5 Using IT systems to coordinate care is key to achieving numerous healthcare reform initiatives. and centralized. Authorized clinicians can then easily access this comprehensive data to aid clinical decision support, meeting the twin goals of improved clinical outcomes and cost effectiveness. Survey participants reported deploying their IT systems to the following entities to address healthcare reform requirements: physician offices (78 percent), ambulatory surgery centers (47 percent), diagnostic imaging centers (41 percent), urgent care centers (32 percent) and patient homes (30 percent) (Figure 3). Using IT systems to coordinate care is key to achieving numerous healthcare reform initiatives. The Hospital Readmissions Reduction Program under ACA requires CMS to reduce payments to hospitals with excess readmission ratios for patients with Figure 2: What new technologies are you deploying to meet healthcare reform initiatives? (Select all that apply.) 14% 33% 32% 37% 59% Clinical devices 54% Mobility solutions 51% New EMR 37% Home/telehealth technologies 33% Early warning systems (clinical) 32% Remote monitoring solutions 14% Other 51% 59% 54% acute myocardial infarction, heart failure and pneumonia within 30 days of being discharged. The maximum penalty will increase to 2 percent for discharges starting in 2013 and 3 percent in Coordinating care with primary care, specialists, other caregivers, and patients and their family members can help keep patients from returning to the acute-care setting. Care coordination will also be critical in keeping patients healthy and sharing in financial savings for ACOs participating in CMS s MSSP. Clinical mobility solutions are ideal technologies to leverage for care coordination into the community because of their rapid adoption among clinicians. Indeed, according to the 2nd Annual HIMSS Mobile Technology Survey, which was released in December 2012, 93 percent of physicians already use mobile Figure 3: Identify external entities to which you are deploying your IT systems to address healthcare reform requirements. (Select all that apply.) 17% 20% 78% 30% 32% 47% 41% 78% Physician office 47% Ambulatory surgery center 41% Diagnostic imaging center 32% Urgent care center 30% Patient home 20% Other 17% EMT services health technology in their daily activities and 80 percent use it for patient care. While 51 percent of the HIMSS Media survey respondents indicated that their healthcare organization was deploying a new EMR as a new technology to help them meet healthcare reform initiatives, 59 percent and 54 percent identifi ed clinical devices and mobility solutions, respectively, as recent acquisitions targeted to meet compliance (Figure 2). Recognizing not only these adoption trends but the fact that there are third-party app providers with whom some healthcare organizations wish to partner, Philips is developing its own applications as well as entering into partnerships with third-party vendors to develop health apps for mobile devices, noted Olivia Hecht, Senior Manager for PCCI Platforms and Technology. Philips developed the IntelliVue Mobile Caregiver app to allow clinicians to access information from Philips IntelliVue Patient monitoring systems via their ipad or iphone which enables them to access information wherever they may be. Through Philips IntelliSpace Event management software, clinicians can receive notifications and alerts on their mobile devices a concept that is being widely embraced by clinicians and patients. As survey results show, hospitals and health systems already recognize the value of clinical devices and mobile solutions. These types of solutions may help hospitals and health systems effectively and cost-efficiently extend their clinical capabilities outside of traditional care locations, allowing for any change in the health status of their patients to be proactively handled to prevent potential hospitalizations or re-hospitalizations. In a strategic partnership, Philips Healthcare and AirStrip Technologies have collaborated to link AirStrip s clinical mobility solutions to the Philips IntelliVue Information Center, a realtime central monitoring system, which will give clinicians easy access to patient information aggregated by the mobile apps.
6 Two thirds of the annual $2.8 trillion healthcare spend occurs in the outpatient environment and 56 percent of this is personnel related. To bend the cost curve, healthcare organizations will have to utilize technology, to leverage resources and people. Brian Rosenfeld, CMO for Philips Telehealth Solutions Figure 4: The concept of connected care puts the patient in the center, with clinical IT systems supporting people and processes. Connect caregivers with each other and via technology to improve and facilitate communication and caregiving People Connect devices and clinical information systems, Patient Ensure processes support enabling interoperability Technology Process new models of technology, from the patient all the way are patient centric and don t through the EMR, regardless impede caregivers of patient location with existing clinical information systems (22 percent) as the most important attributes of a successful clinical informatics vendor (Table 3). Hospitals and health systems recognize that in order to become the new healthcare enterprise they need a clinical IT partner who has the robust capabilities to help them meet all healthcare reform initiatives. For clinical technology consulting engagements, survey respondents ranked depth of subject matter expertise (47 percent) and proven methodology (43 percent) as their top priorities (Table 4). With deadlines for multiple healthcare reform initiatives looming, hospitals and health systems do not have the in-house expertise or time to meet compliance on their own. Anticipating greater adoption of telehealth Hospitals and health systems are also deploying other solutions such as home/telehealth technologies to help them coordinate care, with 37 percent of survey respondents confirming their use to meet healthcare reform initiatives. Thirty-two percent of survey respondents identified remote monitoring solutions as another technology they are acquiring to meet healthcare reform initiatives (Figure 2). Hospitals and health systems have also recognized that remote monitoring solutions are a cost-effective way to manage patients outside of the outpatient setting. With the number of U.S. residents using telehealth services projected to reach nearly 1.3 million by 2017 a nearly sixfold increase over 2012 rates, according to market research firm IMS Research, healthcare providers are preparing to meet this rising demand. Philips has already anticipated the rise in adoption and the challenges ahead. Philips Hospital to Home Telehealth Solutions deliver scalable offerings to meet the needs of a healthcare enterprise s size and budget connecting clinical teams from remote facilities regardless of location and distance, to deploying a full Enterprise Telehealth Platform that supports various settings including the home, hospital and other care facilities. Two thirds of the annual $2.8 trillion healthcare spend occurs in the outpatient environment and 56 percent of this is personnel related, said Brian Rosenfeld, CMO for Philips Telehealth Solutions. To bend the cost curve, healthcare organizations will have to utilize technology, to leverage resources and people. Hospitals and health systems will need both technology and expertise to remotely manage intensive care units, patients on the medical and surgical floors and patients in their homes. Leveraging resources and people requires decision-support tools that extract data elements from clinical systems such as HIEs, EHRs, and PACS to enable clinicians in remote locations to obtain actionable information, according to Rosenfeld (Figure 4). Finding the right clinical IT partner Survey respondents ranked interoperability with existing EMR (42 percent), deep clinical knowledge (32 percent) and interoperability By choosing a trusted clinical IT partner who has both the right solutions and services, hospitals and health systems especially those with financial and resource constraints can cost-effectively achieve healthcare transformation. Our proximity to the patient provides us with deep clinical knowledge because we are the providers, the analyzers and the interpreters of near patient highresolution data and we support interoperability with information that is further away from the patient s immediate setting such as demographics and diagnosis and other data in an EHR and other clinical systems, Frassica said. As a result of our broad and deep set of solutions, we can exceed survey respondents expectations of a clinical informatics vendor with whom to partner in today s healthcare environment. By partnering with Philips, hospitals and health systems can tap into its broad and deep resources, including Philips Research, which deploys technology to introduce meaningful innovations in health and well-being in both developed and emerging markets. Its state-ofthe-art research puts CIOs and IT departments ahead of the curve, which is especially critical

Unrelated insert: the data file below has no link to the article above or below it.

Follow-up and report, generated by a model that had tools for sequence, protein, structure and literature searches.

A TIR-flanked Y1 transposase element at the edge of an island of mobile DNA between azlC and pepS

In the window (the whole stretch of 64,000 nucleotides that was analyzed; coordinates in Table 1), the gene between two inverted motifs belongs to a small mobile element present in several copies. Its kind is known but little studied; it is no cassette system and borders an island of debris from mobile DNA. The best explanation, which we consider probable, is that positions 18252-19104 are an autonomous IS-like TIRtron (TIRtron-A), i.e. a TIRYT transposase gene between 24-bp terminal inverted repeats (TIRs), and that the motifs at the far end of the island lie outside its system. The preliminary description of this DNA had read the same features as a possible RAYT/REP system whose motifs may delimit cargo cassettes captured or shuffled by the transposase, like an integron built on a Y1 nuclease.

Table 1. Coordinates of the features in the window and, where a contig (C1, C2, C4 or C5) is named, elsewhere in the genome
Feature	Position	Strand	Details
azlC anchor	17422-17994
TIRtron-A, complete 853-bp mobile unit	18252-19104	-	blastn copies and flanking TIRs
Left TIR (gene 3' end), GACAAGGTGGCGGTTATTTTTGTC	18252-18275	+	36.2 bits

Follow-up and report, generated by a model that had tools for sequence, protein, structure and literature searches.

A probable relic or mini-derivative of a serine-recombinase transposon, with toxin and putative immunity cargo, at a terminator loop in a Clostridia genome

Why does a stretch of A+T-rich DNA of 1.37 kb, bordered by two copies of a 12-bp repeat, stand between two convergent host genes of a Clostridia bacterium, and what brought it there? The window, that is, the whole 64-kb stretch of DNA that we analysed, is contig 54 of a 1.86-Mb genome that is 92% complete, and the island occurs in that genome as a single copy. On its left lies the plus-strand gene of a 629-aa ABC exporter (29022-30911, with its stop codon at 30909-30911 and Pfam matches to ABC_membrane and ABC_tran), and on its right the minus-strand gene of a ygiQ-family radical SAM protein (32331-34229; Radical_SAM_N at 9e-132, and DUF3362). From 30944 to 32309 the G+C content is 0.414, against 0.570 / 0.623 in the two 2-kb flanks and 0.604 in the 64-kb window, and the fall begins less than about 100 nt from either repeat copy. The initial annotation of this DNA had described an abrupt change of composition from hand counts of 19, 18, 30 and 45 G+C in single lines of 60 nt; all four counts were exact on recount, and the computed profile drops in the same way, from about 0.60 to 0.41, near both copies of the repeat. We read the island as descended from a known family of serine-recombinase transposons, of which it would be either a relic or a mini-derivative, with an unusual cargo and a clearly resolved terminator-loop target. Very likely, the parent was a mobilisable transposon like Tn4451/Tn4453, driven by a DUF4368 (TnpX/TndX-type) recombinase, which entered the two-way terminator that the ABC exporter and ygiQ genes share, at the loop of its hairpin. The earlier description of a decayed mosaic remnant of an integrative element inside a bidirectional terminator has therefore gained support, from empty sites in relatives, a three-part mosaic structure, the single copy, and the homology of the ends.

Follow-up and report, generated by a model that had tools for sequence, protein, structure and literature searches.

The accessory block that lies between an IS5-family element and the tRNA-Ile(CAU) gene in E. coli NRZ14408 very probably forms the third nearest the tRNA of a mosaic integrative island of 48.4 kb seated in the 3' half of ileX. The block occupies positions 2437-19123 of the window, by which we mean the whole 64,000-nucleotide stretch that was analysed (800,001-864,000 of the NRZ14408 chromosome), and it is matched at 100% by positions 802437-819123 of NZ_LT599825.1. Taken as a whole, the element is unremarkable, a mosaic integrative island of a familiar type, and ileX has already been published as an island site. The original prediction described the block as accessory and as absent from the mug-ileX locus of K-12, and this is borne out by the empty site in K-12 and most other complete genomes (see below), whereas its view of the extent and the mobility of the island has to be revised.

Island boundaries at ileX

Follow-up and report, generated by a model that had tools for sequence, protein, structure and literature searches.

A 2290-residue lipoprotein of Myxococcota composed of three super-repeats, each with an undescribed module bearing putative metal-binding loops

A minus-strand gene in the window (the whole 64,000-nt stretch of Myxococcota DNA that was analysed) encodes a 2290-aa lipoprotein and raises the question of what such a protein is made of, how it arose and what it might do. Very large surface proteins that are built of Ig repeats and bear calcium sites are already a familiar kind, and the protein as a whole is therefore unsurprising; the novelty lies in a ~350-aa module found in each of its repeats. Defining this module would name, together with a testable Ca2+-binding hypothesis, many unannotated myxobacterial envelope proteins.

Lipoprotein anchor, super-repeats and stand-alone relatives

7 Table 3: Please rank, in order, the following attributes of a successful clinical informatics vendor, with 1 being the most important and 5 being the least important. Rankings of attributes of a successful clinical informatics vendor Deep clinical knowledge 32% 18% 30% 18% 1% Frequent content update/technology refreshes 8% 16% 23% 50% 4% Interoperability with existing EMR 42% 25% 18% 9% 6% Interoperability with existing clinical information systems 22% 41% 21% 14% 1% Other 10% 3% 6% 4% 77% Table 4: Please rank, in order, the top three priorities ( 1 being of highest priority and 3 being of lowest priority) for clinical technology consulting engagements. Leave all others blank. Priorities Price 30% 33% 36% Depth of subject matter expertise 47% 32% 21% Customer references 11% 37% 53% Proven methodology 43% 31% 27% as meaningful use advances beyond Stage 2 and challenges healthcare providers to do more with healthcare IT. Healthcare reform will continue to evolve, and healthcare transformation promises to be an ongoing exercise for the industry as it transitions from pay-for-volume to pay-forvalue, from spiraling costs to cost efficiencies, from episodic care to collaborative care, and from reaction to prevention and well-being. The new healthcare enterprise promises to be patient-centric, providing connected care that enables care anywhere for both healthcare providers and their patients. Transforming healthcare, or any field, requires shifts within technology, people and processes. By creating a patient-centric environment that connects not only enabling technologies from the devices for the patient through to the EMR and caregivers but also people and processes together, healthcare organizations can realize the full benefits of the new healthcare enterprise (Figure 4). Prior engagement 33% 39% 28% Other 80% 0 20% Philips Healthcare In order to help our customers to improve patient outcomes, provide better value and, ultimately, help improve and save lives, Philips excels at putting clinical intelligence to work. With patient care and clinical informatics solutions that touch patients directly, we draw on an ever-expanding body of knowledge to provide smart clinical decision support solutions. That s the power of Clinical Produced in partnership with HIMSS Media 2013